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©VSO/Georgie Scott

Stopping child marriage in Bangladesh

Bangladesh has the world's fourth highest rate of children entering into forced ‘marriages’.

Early evidence suggests that VSO volunteer-led peer education and awareness raising activities in the rural northwest of the country are empowering youth to stand up for their sexual health and rights by resisting early marriage.

The power of youth

Young people from the UK and Bangladesh taking part in VSO’s International Citizen Service global youth volunteering programme organised ‘courtyard sessions’ in Durgapur village, together with a local youth club.

Issues tackled included the negative impacts of early marriage, with a particular focus on the risks to health of young girls and legal protection for child rights.

Young girl in Bangladesh ©VSO

Shapla, 14, who was supported by ICS and a local youth club to resist being married off to a 37-year-old man

Among those in attendance was Shapla, a 14-year-old girl, who went on to testify to the positive influence the intervention had in helping her convince her father to halt her early marriage to a 37-year-old man.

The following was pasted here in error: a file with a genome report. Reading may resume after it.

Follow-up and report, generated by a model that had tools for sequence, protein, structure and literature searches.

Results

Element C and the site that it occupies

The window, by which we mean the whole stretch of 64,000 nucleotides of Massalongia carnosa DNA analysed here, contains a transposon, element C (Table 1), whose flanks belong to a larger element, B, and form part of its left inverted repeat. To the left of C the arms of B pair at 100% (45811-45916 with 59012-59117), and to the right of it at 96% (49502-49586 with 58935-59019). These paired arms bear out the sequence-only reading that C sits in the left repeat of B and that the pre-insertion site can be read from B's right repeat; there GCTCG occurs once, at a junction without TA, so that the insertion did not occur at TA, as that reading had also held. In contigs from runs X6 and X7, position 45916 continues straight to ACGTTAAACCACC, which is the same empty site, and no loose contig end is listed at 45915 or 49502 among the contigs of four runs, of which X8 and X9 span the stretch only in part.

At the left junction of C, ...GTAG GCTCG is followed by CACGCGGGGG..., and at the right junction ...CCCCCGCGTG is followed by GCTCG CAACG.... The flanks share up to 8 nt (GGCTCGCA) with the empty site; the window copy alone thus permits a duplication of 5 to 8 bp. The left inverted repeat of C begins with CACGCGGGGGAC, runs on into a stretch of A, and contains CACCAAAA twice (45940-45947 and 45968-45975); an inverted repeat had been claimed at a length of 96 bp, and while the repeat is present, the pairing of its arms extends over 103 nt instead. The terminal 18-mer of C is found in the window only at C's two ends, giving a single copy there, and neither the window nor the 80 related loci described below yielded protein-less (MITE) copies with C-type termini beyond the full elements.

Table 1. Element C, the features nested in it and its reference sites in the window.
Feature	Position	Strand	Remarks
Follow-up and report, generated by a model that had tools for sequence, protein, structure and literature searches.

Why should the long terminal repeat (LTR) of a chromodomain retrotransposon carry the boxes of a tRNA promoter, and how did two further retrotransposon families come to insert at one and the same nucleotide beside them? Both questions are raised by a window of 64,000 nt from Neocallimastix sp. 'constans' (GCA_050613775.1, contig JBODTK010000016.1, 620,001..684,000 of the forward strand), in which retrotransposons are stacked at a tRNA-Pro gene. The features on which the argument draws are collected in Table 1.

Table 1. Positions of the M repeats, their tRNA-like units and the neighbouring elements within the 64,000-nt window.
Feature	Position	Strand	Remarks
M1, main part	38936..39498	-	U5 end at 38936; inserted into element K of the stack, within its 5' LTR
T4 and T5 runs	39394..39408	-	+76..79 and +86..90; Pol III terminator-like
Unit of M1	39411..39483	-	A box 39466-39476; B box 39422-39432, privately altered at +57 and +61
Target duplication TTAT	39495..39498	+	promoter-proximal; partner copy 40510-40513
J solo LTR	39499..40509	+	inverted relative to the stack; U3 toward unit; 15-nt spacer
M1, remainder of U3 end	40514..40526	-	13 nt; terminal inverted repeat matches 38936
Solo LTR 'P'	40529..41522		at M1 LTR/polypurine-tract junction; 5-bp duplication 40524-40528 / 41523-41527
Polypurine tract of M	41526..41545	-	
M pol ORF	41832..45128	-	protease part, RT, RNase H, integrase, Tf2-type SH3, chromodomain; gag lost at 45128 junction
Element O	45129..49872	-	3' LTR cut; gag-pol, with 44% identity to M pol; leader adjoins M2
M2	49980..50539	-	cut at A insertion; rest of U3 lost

I attended some sessions out of curiosity and didn’t realise whether they are useful or not. But when it matched with my own life, I realised that I have learnt a lot. The youth club members helped me in convincing my parents. I am happy now as I am going to school and continuing my study. Dhonnobad [thank you] VSO.” 

Bringing issues into the open

VSO ICS team in Durgapur, Bangladesh ©VSO/Farah Moriam

The VSO ICS team in Durgapur, Bangadesh

Youth volunteer Shamil Makecha says that the responses of elders in the community to the informal sessions was “overwhelmingly positive.”

“I think it’s to the credit of our volunteers that they gave them the space to raise questions in this environment. Our research found an awareness of these issues, but no forum to talk about them. We found it is possible to make child marriage a community matter.”

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